Hope you can use them. If not, just enjoy them. We enjoy all the pictures that you show on the weather.

Nancy Harvey
Monon, IN

Thank you Nancy. I am lucky to have such avid weather enthusiasts and those pictures are absolutely beautiful examples of nature's majesty. You are looking at 45,000 foot thunderheads or cumulonimbus clouds. The warm, bouyant rising air parcels keep rising until they reach equilibrium with the atmosphere. This usually happens near the top of the troposphere where temperatures level off. This is where the warm parcels are no longer warmer than their environment. This causes the cloud to form this beautiful anvil-shape as the air is forced to spread outward instead of upward.

The old AC/DC song "thunderstruck" is playing in my head this early morning as I track storms across Illinois. Our weekend weatherman Brian Wolfe is in here tracking storms as well. He is doing a great job learning our computer systems, but does need work on his singing this song above. :) You can say the "thunder" chant in the song above sums up the weather story of the day quite well. This line of thunderstorms could produce a brief gusty thunderstorm this morning. The first line will not be too strong to start early today in our viewing area but later today we will have to watch out for a few stronger thunderstorms. We are in a slight risk of severe weather today. The main threats will be large hail and damaging wind.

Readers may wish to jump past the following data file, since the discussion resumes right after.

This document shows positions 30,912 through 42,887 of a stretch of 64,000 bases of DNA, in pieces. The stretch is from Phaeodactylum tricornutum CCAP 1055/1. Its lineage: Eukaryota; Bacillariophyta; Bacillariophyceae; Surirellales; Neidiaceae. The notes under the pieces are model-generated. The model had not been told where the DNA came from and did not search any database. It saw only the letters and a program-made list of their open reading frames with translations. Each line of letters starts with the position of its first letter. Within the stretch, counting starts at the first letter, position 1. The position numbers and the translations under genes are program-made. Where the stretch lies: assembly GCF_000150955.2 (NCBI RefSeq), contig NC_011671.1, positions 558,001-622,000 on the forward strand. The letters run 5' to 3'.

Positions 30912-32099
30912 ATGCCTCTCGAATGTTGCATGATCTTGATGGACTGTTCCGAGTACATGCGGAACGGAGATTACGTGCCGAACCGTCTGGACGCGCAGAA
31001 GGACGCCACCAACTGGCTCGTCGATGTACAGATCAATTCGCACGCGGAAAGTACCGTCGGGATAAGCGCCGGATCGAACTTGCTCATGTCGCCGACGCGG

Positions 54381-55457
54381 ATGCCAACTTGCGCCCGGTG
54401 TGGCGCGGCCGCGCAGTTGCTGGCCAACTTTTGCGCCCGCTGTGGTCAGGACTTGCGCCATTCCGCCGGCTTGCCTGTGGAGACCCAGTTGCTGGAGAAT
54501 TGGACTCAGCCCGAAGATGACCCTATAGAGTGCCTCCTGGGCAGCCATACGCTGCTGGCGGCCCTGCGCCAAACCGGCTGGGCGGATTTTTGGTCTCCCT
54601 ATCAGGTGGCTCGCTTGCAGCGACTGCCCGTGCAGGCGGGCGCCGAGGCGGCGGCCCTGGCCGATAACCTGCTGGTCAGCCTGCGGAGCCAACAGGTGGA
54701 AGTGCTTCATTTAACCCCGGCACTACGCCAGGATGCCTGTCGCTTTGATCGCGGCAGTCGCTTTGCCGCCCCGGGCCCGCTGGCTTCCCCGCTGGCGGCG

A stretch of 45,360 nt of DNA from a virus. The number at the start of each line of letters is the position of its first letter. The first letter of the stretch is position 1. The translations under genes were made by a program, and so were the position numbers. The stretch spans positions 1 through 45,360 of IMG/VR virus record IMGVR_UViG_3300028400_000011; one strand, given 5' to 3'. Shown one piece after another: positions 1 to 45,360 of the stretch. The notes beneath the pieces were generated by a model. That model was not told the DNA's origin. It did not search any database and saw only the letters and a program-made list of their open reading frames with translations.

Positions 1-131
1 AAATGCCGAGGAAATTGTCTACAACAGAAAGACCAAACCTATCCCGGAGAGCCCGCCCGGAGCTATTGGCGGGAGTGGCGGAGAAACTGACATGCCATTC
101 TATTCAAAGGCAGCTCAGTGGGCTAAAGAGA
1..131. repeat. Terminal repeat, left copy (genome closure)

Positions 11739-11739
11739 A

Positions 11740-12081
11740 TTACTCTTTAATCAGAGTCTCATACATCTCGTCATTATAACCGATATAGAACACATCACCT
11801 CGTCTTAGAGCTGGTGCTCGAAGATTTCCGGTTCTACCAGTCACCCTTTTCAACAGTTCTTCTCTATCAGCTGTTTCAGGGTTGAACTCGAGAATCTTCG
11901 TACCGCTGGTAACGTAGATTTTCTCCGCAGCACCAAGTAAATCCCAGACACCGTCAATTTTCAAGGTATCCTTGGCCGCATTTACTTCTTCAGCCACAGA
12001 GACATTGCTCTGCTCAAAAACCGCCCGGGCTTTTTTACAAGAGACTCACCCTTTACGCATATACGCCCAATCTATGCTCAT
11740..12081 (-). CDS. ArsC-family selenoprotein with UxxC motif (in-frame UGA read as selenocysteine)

Tristan Scheffer. Taken by Tristan Scheffer. Winamac, IN June 22, 2008 at 13:24.

You can see some of the hail that pelted Winamac over the weekend. It was one of at least a dozen hail reports. Unfortunately there was some damage to corn crops near Remington. A good mile of corn was flattened like a pancake. We have had an amazing 56 damaging storm reports in our viewing area since May 30th. We are averaging just over two reports per day over the past three and a half weeks. It comes out to 25 wind reports, 24 hail reports, and 7 tornadoes. This begs the question about if we will also have to worry about flooding. After all we had the worst flooding since 1913 just south of Indianapolis. The good news is I do not see a repeat of this. The main jet stream which helped a front stall with close to 10 inches of rain in some areas near Franklin is well north of the area. This does not mean we could have a few areas with over an inch of rain the next few days. But I do not see another flood event. The bad news is that more flooding is possible for areas of Wisconsin, northern Illinois, and Iowa closer to the battle zone closer to the jet stream. Our weather team will keep you updated on those "thunderheads". Make it a great day. Now back to Live Doppler 18.

Tuesday, June 24, 2008

Looking Like Winter in Winamac! Summer on Vacation for One More Day!

Courtesy of Gary Deboy

I was taking a walk tonight, I walk 2 1/2 miles every day, it was 7;00 PM 6/23/2008 and I had the camera with me, ABOUT 3 MILES S/W of Rossville. The sky was blue, the corn was green, the sun was out, with a few clouds in the sky, and WLFI TV tower is in the background, and I thought it would make a nice picture.